Results Summary

PCORI funded the Pilot Projects to explore how to conduct and use patient-centered outcomes research in ways that can better serve patients and the healthcare community. Learn more.

Background

About three in 10 patients do not go to the pharmacy to get the medicine their doctor has prescribed. Some researchers believe that better communication between patients, doctors, and pharmacists may make it more likely that patients will fill their prescription medicines.

Project Purpose

In this project, researchers tried to figure out why patients do not get their blood pressure medicine. Researchers also created and tested an online guide to help patients make the decision to pick up their blood pressure medicine.

Methods

First, researchers talked to patients, primary care providers, and pharmacists. They asked questions about why patients choose not to get the blood pressure medicines their doctors have prescribed.

The researchers summarized the information from the discussions. They then used it to make an online guide that provided information about high blood pressure and why it is important to pick up and use blood pressure medicine prescribed by a doctor.

Then the researchers tested the online guide in a study with 232 patients. The patients had all dropped off prescriptions for blood pressure medicine at a pharmacy but had not come back to pick them up.

The researchers randomly assigned the 232 patients to three groups. The researchers gave the first group a brochure with information about high blood pressure. Patients in the second group participated in an interview about their views on high blood pressure and taking medications to treat it. Patients in the third group participated in the interview and received the new online guide created by the research team.

After 30 days, the researchers checked pharmacy records to see if the patients had picked up their blood pressure medicine. The researchers compared how many patients in each of the three groups ended up picking up their blood pressure medicine.

Findings

In the discussions, the researchers found several things that might make patients more likely to get their blood pressure medicine, including:

  • Patients’ trust in their doctors
  • Patients and doctors making healthcare decisions together about how to treat high blood pressure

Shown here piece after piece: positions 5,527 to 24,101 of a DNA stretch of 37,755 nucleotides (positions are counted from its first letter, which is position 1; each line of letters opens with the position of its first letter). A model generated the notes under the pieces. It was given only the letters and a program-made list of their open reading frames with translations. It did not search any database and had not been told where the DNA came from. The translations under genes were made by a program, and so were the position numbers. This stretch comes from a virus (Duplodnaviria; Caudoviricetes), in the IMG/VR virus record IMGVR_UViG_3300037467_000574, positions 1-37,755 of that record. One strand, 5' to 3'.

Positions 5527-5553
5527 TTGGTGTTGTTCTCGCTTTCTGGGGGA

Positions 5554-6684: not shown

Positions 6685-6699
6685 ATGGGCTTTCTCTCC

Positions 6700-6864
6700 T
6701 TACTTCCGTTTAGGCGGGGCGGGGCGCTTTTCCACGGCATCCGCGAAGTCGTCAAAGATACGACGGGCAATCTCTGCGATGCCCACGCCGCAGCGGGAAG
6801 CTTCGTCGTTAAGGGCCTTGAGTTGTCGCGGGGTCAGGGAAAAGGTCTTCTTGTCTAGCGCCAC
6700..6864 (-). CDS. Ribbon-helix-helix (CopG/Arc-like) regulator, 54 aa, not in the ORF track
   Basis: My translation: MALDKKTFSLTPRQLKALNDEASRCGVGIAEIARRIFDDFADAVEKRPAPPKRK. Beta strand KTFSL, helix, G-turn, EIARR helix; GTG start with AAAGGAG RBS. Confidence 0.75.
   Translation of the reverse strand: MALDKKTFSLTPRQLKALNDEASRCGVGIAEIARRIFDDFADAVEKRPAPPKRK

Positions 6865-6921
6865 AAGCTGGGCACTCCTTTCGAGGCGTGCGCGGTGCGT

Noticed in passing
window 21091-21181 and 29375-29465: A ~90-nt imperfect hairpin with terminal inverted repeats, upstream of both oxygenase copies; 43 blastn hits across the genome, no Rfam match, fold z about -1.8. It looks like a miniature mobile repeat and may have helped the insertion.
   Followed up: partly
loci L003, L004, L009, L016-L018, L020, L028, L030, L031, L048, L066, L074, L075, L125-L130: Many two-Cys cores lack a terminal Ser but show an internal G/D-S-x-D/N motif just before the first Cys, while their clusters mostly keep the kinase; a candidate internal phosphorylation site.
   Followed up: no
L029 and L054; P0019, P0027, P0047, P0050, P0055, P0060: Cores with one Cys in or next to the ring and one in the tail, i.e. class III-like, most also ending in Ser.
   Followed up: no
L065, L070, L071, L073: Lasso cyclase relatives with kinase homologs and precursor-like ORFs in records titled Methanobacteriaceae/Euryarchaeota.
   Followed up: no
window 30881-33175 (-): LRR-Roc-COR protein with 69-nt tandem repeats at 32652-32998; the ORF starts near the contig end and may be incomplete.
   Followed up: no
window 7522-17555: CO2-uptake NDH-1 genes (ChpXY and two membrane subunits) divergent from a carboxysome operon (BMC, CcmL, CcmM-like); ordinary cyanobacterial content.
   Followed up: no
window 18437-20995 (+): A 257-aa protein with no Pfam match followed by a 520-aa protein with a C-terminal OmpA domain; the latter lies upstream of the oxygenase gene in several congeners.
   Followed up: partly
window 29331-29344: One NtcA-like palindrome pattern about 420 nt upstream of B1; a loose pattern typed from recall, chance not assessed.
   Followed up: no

Doctors and patients liked the idea of having an online guide to help patients understand the importance of getting their medicine. However, in each of the three groups, about the same number of patients picked up their prescriptions; the patients who used the online guide did not pick up their medicine more often than patients in the other groups.

Limitations

This was a small study, and it may not have had enough patients to allow researchers to tell if there were true differences among the three groups. Some people who did not pick up their medicine right away may have picked it up after the study ended. Compared with study participants, people who were not in the study might have different reasons for not getting their medicine.

Conclusions

In the interviews, the researchers learned that patients may be more likely to get their blood pressure medicine when they and their doctors communicate well and work together to make decisions. The researchers found that the group that used the online guide did not get their medicine more often than the other groups.

Sharing the Results

The researchers made the online guide used in this study available on multiple websites. It is available here.

More to Explore...

PCORI Stories

Take as Directed (or Why Not?)
A narrative about a Boston team of researchers that is devising tools to help patients who refuse to take newly prescribed medication talk to their doctors about their concerns.

Journal Citations

Project Information

Michael Fischer, MD, MS^
Brigham and Women's Hospital, Inc.
$518,904
Developing and Testing a Decision Support Tool for Primary Medication Adherence

Key Dates

June 2012
June 2015
2012
2015

Study Registration Information

^Jennifer Polinski, ScD, MPH was the original principal investigator for this project.

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Last updated: March 4, 2022